For immediate release:
May 11, 2015
INDIANAPOLIS - Indiana House Democratic Leader Scott Pelath from Michigan City played a prominent role in passage of legislation detailing ethics reforms for lawmakers that stands as one of the highlights of the 2015 session of the Indiana General Assembly.
Pelath served as co-author of House Enrolled Act (HEA) 1002, which calls for tougher financial reporting requirements for legislators and closes loopholes in state law covering conflicts of interest. The legislation, authored by Indiana House Speaker Brian Bosma (R-Indianapolis) and carried by Indiana Senate leadership in that chamber, was recently signed into law by Gov. Mike Pence.
Pelath said the reforms reflect a theme he identified at the start of the 2015 session, when he told his colleagues that “the people (of Indiana) will have no faith in anything we do here until we change the political system that traps us all and brings to the surface the fallen angels of our nature.”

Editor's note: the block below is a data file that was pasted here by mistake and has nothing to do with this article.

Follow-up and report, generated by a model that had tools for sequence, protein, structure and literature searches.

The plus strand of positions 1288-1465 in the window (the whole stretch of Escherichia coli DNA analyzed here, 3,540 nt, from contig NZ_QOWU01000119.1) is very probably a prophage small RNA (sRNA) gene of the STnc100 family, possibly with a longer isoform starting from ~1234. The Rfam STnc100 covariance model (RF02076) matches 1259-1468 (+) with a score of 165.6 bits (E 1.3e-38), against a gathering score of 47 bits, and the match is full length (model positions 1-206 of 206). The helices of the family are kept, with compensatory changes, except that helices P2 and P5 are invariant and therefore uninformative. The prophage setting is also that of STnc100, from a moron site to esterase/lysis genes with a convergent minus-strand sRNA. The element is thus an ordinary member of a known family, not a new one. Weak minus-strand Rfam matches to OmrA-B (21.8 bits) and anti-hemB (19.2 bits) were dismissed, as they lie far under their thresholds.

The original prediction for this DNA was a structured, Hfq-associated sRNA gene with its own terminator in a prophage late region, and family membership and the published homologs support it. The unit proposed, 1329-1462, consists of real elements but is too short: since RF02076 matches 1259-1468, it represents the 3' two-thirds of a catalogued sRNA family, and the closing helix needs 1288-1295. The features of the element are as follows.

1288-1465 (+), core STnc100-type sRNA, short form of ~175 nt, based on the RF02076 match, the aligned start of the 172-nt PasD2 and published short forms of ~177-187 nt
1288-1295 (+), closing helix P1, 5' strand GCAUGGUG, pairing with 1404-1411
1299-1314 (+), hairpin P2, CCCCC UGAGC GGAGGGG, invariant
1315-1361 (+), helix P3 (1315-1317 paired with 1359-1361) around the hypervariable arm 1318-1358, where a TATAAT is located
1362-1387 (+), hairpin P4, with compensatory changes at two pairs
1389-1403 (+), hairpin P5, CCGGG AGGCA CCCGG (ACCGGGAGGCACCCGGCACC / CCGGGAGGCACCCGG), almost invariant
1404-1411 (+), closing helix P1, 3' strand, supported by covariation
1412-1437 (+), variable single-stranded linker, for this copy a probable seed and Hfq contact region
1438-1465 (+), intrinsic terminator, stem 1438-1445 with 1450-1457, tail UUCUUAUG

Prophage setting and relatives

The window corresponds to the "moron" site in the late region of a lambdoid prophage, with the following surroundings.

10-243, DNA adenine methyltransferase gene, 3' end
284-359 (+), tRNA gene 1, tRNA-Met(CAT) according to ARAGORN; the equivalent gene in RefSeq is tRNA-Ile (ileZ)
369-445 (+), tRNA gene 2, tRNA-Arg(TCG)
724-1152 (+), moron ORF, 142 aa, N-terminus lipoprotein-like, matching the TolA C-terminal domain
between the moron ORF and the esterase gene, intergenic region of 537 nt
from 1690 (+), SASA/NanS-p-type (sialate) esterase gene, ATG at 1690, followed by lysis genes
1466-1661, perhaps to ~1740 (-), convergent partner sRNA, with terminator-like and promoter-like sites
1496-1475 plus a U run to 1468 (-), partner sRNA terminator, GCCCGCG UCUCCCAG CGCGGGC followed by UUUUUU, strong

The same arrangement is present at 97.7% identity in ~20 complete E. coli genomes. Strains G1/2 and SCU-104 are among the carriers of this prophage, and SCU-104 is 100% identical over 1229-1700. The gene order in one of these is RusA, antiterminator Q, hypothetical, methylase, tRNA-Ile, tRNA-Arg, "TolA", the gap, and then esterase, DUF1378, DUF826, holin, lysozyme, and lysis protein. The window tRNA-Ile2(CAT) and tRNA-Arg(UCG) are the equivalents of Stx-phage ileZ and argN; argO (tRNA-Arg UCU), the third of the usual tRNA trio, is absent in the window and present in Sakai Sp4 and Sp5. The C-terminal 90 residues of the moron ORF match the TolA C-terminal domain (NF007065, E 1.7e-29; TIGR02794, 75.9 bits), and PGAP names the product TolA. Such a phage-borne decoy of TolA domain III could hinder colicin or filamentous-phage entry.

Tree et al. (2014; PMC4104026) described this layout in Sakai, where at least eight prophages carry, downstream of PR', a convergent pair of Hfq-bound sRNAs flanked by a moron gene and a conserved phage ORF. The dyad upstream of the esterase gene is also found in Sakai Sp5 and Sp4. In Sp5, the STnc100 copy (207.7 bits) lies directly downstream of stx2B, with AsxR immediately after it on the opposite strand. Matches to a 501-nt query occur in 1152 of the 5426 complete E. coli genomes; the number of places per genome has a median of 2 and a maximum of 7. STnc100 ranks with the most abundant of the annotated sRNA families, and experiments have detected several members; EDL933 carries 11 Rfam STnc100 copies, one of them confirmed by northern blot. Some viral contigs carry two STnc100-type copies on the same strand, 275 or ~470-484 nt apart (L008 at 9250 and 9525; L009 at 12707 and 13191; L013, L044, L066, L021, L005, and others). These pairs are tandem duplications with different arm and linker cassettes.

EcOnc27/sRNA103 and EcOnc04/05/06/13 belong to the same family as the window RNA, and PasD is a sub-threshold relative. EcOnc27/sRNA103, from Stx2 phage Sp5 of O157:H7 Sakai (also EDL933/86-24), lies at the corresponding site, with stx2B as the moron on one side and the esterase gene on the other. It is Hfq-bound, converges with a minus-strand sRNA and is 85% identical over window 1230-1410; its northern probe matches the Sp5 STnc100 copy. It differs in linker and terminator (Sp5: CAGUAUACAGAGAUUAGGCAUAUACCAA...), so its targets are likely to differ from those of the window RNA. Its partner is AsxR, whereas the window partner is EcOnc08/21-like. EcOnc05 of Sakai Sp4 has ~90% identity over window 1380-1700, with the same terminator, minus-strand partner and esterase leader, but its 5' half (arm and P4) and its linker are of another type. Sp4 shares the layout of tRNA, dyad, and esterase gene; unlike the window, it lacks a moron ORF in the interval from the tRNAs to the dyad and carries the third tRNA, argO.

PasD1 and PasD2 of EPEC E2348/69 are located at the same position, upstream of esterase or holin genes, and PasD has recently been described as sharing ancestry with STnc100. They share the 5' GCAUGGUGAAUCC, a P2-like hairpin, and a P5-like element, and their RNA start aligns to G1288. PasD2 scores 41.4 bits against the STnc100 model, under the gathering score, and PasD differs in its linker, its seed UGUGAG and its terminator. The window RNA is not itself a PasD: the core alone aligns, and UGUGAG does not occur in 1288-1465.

Reflecting back on those words, Pelath said, “From the start, it has been the declared goal of legislative leadership on both sides of the aisle to find a common ground that enables us to correct the shortcomings in the expectations we have of ourselves. The reforms contained in HEA 1002 take several huge steps in meeting that goal, and I am particularly delighted that it achieved aims shared by all of us, rather than simply reflecting partisan ambitions.”
Highlights of the final bill include provisions that require legislators to disclose any investments they hold that total more than $5,000. The measure also closes loopholes that enabled state employees to get around “cooling-off” periods aimed at preventing them from using the expertise they gained in state government for immediate financial gain in the private sector. Legislators will be required to take an ethics training course, and an ethics office will be established within the nonpartisan Legislative Services Agency to offer advice on potential conflicts of interest.
“These are all positive steps forward that address concerns raised by recent incidents in state government,” Pelath said. “I also realize that this is a constantly evolving area of concern, and that means we must remain vigilant to keep these ethics issues before us on a regular basis. The public demands accountability from its elected officials and we are duty-bound to deliver.”